Review: Indie thriller ‘Misfortune’ is an impressive spin on familiar turf
The indie crime thriller “Misfortune” recycles such familiar genre tropes as ill-gotten gains, double-crosses, ruthless gunplay and last-chance locales, but serves them up in a taut, twisty and involving way.
Desmond Devenish, who stars, directed and co-wrote (with Xander Bailey), turns a potentially ho-hum vanity project into something thankfully more commendable and authentic. His compelling leading-man presence (think Jon Hamm’s blond brother) provides a solid anchor to the mayhem.
Boyd (Devenish) is an unemployed mechanic who finds himself on the run when his father’s (Nick Mancuso) killer and partner in crime (Kevin Gage) wins early parole and comes looking for a stolen treasure he believes Boyd’s dad left behind.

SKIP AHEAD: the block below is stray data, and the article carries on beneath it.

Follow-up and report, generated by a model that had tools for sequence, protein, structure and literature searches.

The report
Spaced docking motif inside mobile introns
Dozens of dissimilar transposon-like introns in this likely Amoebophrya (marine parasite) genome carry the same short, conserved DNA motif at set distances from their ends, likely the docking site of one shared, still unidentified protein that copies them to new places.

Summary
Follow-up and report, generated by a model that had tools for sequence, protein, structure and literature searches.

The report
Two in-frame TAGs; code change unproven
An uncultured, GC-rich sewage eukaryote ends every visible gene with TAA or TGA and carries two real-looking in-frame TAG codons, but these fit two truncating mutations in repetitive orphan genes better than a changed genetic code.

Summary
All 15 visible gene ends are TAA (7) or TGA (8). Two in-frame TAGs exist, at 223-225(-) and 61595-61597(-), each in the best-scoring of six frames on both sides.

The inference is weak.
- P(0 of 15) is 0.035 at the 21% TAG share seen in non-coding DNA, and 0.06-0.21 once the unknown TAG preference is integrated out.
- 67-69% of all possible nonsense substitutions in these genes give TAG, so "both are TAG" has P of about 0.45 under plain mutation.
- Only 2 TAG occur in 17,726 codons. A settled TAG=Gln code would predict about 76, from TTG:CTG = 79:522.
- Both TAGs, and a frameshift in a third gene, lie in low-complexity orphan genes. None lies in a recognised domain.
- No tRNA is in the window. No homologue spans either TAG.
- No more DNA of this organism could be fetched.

But Boyd’s in the dark about the booty so he takes off across the Arizona desert with his devoted waitress girlfriend (Jenna Kanell) and petty-thief pal (Bailey) to search for the spoils in the exact spot his father died. A perilous and propulsive game of cat-and-mouse ensues.
Although the film is a bit light on character detail and a few key moments, such as the unearthing of the missing swag, feel abruptly rendered, Devenish has crafted an impressive feature debut with an expert assist from cinematographer Seth Johnson and a sound team that includes Oscar nominee Tony Lamberti (“Inglourious Basterds”).
Running time: 1 hour, 28 minutes.
Playing: Laemmle Music Hall, Beverly Hills
Inside the business of entertainment
The Wide Shot brings you news, analysis and insights on everything from streaming wars to production — and what it all means for the future.
You may occasionally receive promotional content from the Los Angeles Times.